• uranium mining and milling — waste consists mainly of sandy tailings whose composition is the same as uranium ore (absent uranium)

• conversion, enrichment, and fuel manufacturing — the main byprod­uct is depleted uranium (DU) stored as either UF6 or U3O8

• electricity generation — the main waste in terms of activity is spent fuel, which consists of highly radioactive fission products and transu­ranic elements, and is classified as high-level waste (HLW). Nuclear wastes resulting from these operations are stable, unlike defense legacy waste, and may be readily stored and disposed. In addition to spent fuel, other low- and intermediate-level waste is generated from support and decommissioning operations.

3. Others types of waste — research and development, accelerators, medical, industrial, and naturally occurring. This waste composition is mainly short-lived radionuclides, usually classified as LLW, and is mainly stored onsite until it decays.

Both defense and civilian applications produced radioactive waste ranging from LLW to HLW. Defense and civilian generated waste have similar characteristics in terms of radiotoxicity and need to be isolated from the public; however, their forms are significantly different and the waste con­ditioning necessary before disposal differs significantly: [30]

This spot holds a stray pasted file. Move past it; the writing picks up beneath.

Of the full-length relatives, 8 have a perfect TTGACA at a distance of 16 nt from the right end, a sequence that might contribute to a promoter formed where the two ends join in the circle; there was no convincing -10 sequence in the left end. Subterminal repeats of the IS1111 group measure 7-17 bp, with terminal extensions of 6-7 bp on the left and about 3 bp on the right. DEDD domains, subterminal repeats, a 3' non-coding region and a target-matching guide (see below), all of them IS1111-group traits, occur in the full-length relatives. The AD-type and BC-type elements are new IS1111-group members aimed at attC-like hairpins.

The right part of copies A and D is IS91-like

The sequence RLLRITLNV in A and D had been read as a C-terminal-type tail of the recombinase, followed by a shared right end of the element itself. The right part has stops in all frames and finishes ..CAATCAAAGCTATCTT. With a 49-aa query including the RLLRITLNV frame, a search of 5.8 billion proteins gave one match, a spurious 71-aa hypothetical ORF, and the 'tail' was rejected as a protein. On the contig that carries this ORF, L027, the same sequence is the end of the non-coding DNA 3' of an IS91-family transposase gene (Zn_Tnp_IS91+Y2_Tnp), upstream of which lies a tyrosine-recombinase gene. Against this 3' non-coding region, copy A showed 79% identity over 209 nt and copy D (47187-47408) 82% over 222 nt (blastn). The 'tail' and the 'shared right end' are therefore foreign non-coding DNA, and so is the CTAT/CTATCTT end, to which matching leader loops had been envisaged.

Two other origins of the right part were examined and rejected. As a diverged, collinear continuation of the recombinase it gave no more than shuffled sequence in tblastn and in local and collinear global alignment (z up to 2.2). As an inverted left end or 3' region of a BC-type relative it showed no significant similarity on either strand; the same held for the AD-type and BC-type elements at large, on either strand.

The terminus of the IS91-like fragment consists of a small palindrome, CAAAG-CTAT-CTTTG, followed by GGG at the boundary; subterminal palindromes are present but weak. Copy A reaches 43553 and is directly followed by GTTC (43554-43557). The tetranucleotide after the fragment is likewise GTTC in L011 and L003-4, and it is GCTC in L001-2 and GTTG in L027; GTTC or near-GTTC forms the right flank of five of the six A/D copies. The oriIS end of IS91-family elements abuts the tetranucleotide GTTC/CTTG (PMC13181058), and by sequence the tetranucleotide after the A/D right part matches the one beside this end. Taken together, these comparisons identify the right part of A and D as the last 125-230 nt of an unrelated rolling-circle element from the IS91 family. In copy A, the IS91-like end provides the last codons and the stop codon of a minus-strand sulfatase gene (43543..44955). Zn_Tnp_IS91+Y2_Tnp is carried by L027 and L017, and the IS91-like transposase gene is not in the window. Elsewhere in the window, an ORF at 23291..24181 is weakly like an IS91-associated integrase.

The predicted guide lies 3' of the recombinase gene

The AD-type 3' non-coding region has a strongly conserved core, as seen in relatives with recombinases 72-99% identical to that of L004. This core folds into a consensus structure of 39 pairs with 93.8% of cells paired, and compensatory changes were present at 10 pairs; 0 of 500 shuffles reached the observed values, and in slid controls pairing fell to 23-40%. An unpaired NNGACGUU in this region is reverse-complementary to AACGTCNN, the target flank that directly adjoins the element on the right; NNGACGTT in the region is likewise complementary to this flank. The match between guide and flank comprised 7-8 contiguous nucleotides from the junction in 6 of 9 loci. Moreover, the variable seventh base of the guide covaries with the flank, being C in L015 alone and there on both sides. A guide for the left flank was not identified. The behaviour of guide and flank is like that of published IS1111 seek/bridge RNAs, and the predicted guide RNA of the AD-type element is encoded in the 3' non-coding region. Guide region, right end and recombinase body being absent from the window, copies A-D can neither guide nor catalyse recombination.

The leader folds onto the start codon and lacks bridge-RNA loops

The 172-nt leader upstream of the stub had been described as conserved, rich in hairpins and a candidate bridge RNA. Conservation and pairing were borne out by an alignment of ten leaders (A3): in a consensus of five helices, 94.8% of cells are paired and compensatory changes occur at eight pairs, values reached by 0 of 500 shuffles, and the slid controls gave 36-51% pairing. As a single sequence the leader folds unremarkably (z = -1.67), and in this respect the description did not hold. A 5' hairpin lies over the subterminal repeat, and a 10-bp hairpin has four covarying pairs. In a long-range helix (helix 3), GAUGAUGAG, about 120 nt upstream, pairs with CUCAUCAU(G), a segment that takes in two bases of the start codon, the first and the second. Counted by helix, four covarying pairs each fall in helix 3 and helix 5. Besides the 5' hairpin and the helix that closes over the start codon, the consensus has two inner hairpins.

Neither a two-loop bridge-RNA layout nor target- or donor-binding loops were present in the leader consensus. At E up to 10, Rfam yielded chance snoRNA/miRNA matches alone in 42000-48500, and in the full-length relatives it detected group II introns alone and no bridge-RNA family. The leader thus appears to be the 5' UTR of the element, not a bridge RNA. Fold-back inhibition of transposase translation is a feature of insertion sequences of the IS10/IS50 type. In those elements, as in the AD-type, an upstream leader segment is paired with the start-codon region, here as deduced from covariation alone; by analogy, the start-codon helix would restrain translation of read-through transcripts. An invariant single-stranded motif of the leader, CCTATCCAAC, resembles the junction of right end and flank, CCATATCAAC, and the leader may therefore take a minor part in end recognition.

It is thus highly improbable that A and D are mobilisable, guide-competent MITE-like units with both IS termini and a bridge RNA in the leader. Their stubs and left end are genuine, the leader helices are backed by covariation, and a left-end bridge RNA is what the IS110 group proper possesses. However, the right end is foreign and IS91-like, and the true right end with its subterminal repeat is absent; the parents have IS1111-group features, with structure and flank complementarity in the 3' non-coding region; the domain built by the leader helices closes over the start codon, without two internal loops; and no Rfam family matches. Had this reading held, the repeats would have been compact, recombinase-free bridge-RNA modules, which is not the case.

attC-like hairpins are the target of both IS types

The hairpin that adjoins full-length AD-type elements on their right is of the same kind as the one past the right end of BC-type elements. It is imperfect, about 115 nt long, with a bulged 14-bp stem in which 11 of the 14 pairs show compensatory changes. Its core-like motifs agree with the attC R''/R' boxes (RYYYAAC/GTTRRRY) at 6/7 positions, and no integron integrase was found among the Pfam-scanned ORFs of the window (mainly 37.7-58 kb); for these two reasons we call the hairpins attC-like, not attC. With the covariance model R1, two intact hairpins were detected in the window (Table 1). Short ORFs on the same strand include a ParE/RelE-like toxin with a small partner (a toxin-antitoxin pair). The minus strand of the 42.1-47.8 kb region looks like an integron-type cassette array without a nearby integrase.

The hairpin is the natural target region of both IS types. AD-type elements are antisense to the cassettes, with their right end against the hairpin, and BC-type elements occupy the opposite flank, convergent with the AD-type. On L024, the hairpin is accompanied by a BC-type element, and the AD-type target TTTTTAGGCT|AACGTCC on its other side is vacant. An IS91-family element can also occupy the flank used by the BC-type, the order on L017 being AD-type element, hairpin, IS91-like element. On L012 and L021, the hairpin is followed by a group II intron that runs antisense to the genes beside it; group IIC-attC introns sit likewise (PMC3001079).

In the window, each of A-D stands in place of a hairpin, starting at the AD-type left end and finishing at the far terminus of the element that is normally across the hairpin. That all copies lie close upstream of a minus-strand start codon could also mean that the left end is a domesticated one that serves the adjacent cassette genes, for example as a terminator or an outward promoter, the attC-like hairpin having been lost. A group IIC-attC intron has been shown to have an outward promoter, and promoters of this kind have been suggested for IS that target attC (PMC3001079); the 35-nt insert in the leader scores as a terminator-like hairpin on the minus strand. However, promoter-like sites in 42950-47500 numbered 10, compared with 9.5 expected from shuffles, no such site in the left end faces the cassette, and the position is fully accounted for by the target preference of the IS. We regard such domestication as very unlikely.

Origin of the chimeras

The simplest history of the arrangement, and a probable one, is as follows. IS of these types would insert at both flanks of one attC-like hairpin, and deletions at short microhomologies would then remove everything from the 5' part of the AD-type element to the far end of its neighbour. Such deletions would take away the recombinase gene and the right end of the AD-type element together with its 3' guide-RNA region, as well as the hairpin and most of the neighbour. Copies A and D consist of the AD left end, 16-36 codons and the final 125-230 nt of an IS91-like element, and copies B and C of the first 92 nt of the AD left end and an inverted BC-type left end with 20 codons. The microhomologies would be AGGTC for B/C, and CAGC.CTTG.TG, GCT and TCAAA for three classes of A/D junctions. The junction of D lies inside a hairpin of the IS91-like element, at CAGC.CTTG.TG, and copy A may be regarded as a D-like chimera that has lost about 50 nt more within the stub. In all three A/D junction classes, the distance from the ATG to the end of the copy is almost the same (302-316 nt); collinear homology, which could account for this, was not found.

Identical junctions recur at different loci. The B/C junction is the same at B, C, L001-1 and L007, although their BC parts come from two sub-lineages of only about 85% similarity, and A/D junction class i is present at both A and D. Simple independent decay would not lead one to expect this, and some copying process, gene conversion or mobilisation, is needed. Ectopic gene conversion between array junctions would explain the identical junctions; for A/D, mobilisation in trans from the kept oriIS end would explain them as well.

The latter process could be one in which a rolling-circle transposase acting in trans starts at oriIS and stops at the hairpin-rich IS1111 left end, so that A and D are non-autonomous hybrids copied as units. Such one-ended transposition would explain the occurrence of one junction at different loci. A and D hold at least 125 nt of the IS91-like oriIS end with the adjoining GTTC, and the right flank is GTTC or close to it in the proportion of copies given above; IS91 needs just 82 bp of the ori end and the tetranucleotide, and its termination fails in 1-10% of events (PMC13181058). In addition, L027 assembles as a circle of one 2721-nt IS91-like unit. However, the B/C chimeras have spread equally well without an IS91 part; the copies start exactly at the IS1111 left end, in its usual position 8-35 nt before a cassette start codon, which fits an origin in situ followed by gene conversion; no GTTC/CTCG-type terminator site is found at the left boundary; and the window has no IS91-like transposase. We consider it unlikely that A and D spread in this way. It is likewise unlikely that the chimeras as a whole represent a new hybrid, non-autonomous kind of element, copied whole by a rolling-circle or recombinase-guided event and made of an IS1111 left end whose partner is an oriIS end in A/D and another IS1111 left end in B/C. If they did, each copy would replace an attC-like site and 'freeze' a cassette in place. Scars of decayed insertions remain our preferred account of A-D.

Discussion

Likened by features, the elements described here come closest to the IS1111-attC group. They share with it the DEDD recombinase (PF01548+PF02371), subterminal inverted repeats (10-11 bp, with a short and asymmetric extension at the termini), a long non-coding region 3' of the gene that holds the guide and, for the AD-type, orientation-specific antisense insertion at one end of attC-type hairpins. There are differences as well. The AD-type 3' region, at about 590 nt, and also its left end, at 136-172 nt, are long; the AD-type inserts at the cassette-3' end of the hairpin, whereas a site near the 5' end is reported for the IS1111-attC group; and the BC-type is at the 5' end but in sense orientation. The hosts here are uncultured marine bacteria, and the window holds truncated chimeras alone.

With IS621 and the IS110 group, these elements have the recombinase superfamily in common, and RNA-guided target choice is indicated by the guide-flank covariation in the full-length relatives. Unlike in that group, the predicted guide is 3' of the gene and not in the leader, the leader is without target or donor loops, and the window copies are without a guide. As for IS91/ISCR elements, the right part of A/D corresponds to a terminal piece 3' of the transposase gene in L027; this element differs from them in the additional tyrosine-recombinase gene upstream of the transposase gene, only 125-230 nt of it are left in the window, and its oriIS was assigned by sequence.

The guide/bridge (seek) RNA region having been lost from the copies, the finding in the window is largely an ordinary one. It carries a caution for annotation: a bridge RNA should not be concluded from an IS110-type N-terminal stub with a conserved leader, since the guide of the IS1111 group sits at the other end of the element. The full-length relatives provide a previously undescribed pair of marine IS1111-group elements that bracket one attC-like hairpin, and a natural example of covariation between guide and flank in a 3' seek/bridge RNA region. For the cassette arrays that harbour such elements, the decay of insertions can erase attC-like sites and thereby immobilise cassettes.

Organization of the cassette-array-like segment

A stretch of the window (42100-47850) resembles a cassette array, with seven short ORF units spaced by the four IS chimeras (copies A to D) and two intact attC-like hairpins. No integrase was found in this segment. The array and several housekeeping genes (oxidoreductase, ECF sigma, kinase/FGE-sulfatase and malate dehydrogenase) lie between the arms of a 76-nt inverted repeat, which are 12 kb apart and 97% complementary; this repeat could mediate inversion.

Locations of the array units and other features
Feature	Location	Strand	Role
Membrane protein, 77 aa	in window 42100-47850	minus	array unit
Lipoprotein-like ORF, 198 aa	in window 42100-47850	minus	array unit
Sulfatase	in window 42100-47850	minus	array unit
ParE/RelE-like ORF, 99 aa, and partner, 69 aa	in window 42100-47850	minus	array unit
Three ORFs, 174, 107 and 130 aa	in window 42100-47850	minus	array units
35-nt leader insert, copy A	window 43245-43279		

• Defense waste needs to be concentrated and converted to a stable form before disposal, whereas civilian waste in the absence of reprocessing may be directly packaged, stored, and disposed.

Nuclear waste from both civilian and defense applications varies in its composition and form. In general, the nuclear waste attributes that affect humans and the environment and that determine the disposal path are chemical composition, physical form, and type of radiation. To facilitate a safe and cost effective waste disposal strategy, waste is categorized to provide guidance for its handling, transportation, storage, and ultimately final disposal. It is important to understand that how the waste is catego­rized ultimately affects how its final disposition is determined. The classifi­cation system ranges from very low-level waste (VLLW) to HLW. It varies from country to country but falls into two main types: those that are based on ‘where’ the waste was generated (i. e., point of origin) and those that are based on the ‘intrinsic qualities’ (i. e., risk-based parameters) of the material. The United States adopted a point of origin system, whereas the interna­tional community uses a risk-based system.

This chapter describes the current radioactive waste (RAW) manage­ment programs in the United States. The distinct policies, practices, and regulatory standards are explained, as well as the unique US waste classi­fication system used. Strategies for implementing the RAW management programs are explained for different currently existing US facilities. Multi­ple US storage and disposal facilities contain various defense and commer­cial RAW (Fig. 18.1) , which are discussed later in the chapter. The last


18.1 Dry cask storage of spent nuclear fuel (Nuclear Energy Institute).

sections address the cleanup and closure process for specific US radioactive waste facilities, and the lessons learned from past experiences.